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Radio France Internationale
Radio France Internationale
Michael Fitzpatrick

Macron to visit China in early April, calls for Beijing pressure on Moscow

President Emmanuel Macron. © LUDOVIC MARIN / AFP

The French leader Emmanuel Macron on Saturday said he will visit China in early April. The president called on Beijing to help the countries in the western alliance put pressure on Russia to end the war in Ukraine.

Speaking in Paris on the day after China called for urgent peace talks and released Beijing's plan to end the war in Ukraine, Macron said peace was possible only if "the Russian aggression was halted, troops withdrawn and the territorial sovereignty of Ukraine and its people was respected".

"The fact that China is engaging in peace efforts is a good thing," the French leader said, asking Beijing "not to supply any arms to Russia".

He also sought Beijing's help to "exert pressure on Russia to ensure it never uses chemical or nuclear weapons and it stops this aggression prior to negotiations".

China's 12-point plan calls for a "political settlement" of the crisis. It has been greeted with scepticism by Western leaders but Ukraine and Russia have expressed cautious support.

Timed to coincide with the first anniversary of Russia's invasion, the paper urges all parties to "support Russia and Ukraine in working in the same direction and resuming direct dialogue as quickly as possible".

China warns against nuclear escalation

The Chinese proposition also makes clear Beijing's opposition to the use of nuclear weapons, and also to the threat of deploying them. This follows Russian President Vladimir Putin's warning that he was prepared to use Moscow's atomic arsenal in the conflict.

Russia has said it appreciates Beijing's efforts to settle the conflict but insisted any solution must recognise Kremlin control over four Ukrainian regions.

"We highly value the sincere desire of our Chinese friends to contribute to the settlement of the conflict in Ukraine through peaceful means," the foreign ministry said, but added any settlement must recognise "the new territorial realities".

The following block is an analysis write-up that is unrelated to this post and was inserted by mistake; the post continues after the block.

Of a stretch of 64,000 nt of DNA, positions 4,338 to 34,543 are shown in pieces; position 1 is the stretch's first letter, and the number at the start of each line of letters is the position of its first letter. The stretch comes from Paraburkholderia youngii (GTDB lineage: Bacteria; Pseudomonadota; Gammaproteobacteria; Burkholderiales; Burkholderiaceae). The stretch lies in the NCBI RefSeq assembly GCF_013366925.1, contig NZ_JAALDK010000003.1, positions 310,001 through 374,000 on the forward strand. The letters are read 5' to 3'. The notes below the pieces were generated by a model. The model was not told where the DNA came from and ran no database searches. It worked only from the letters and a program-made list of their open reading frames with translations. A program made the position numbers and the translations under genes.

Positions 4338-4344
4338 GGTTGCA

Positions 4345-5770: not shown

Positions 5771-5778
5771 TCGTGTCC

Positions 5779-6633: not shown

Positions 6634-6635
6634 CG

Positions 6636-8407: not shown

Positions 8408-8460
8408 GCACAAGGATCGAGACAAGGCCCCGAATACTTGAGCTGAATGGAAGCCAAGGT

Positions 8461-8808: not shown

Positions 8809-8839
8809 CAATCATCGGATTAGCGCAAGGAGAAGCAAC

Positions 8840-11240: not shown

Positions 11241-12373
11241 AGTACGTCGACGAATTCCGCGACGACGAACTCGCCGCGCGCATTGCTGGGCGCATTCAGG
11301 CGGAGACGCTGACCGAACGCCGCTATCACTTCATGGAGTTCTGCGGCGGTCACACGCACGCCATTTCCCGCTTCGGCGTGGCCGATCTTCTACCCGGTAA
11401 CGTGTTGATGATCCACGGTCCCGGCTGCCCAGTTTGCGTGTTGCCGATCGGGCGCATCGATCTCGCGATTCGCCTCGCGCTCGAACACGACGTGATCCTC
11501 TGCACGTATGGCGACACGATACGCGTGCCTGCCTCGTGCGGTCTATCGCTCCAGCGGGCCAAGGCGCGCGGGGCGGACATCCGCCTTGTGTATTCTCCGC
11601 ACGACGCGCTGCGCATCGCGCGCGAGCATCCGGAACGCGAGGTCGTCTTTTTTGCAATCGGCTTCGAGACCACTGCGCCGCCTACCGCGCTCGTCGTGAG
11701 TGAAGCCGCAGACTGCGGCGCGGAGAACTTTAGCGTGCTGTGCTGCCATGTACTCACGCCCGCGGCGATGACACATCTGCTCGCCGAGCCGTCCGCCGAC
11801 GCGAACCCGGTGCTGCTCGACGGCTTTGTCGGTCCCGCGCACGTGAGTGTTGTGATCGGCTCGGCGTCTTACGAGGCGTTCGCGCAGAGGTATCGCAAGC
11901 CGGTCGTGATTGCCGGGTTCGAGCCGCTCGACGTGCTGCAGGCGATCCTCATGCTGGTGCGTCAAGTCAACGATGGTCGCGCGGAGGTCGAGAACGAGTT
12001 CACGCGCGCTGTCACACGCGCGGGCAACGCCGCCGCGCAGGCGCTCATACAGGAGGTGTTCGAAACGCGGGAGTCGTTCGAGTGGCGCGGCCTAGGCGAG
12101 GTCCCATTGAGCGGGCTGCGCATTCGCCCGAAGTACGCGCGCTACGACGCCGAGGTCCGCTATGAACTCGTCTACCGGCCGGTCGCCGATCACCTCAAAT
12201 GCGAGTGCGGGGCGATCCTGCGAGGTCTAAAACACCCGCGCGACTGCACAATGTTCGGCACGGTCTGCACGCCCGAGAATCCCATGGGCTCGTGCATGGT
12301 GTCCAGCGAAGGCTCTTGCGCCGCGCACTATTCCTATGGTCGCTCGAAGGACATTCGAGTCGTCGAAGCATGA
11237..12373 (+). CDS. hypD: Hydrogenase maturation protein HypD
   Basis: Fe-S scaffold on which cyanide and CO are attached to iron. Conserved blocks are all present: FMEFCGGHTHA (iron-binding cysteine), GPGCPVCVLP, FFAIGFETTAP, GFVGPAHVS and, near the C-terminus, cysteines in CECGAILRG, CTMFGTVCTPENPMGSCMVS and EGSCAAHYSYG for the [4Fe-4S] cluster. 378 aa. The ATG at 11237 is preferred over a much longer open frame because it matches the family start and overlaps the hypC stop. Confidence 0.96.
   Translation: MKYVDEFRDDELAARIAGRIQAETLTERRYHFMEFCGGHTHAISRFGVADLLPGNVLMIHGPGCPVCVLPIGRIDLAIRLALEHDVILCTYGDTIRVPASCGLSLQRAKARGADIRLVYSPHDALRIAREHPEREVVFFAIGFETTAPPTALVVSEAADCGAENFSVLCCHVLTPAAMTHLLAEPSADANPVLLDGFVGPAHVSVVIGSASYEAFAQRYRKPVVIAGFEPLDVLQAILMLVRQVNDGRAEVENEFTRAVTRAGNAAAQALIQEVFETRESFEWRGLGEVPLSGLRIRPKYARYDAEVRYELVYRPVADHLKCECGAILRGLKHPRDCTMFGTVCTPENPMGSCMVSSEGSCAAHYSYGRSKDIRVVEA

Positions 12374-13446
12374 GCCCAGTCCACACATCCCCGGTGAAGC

Broad international scepticism

China's document was immediately met by scepticism from Ukraine's allies, with Nato chief Jens Stoltenberg saying Beijing "doesn't have much credibility because they have not been able to condemn the illegal invasion of Ukraine".

"Putin is applauding it, so how could it be any good?" US President Joe Biden said on Friday.

At the United Nations, Secretary-General Antonio Guterres's spokesman said "I think the call on the need to avoid the use of nuclear weapons is particularly important."

Russian ally Kazakhstan expressed support on Saturday for the Chinese initiative.

Kazakhstan's foreign ministry said it welcomed China's position "on the political settlement of the Ukraine crisis".

In a statement, the ministry said the proposal "deserves support as contributing to the cessation of bloodshed".

Kazakhstan, which shares a 7,500 kilometre border with Russia, also emphasised the importance of "territorial integrity" in China's plan.

Kazakhstan is part of various military and economic alliances with Russia but has refused to support the invasion of Ukraine or recognise the Kremlin's annexation of four Ukrainian regions.

The country has, however, abstained or voted against UN resolutions condemning Russia.

US Secretary of State Antony Blinken is to visit Kazakhstan and Uzbekistan next week before going to New Delhi for a G20 foreign ministers' meeting, also due to be attended by Russia's foreign minister Sergei Lavrov.

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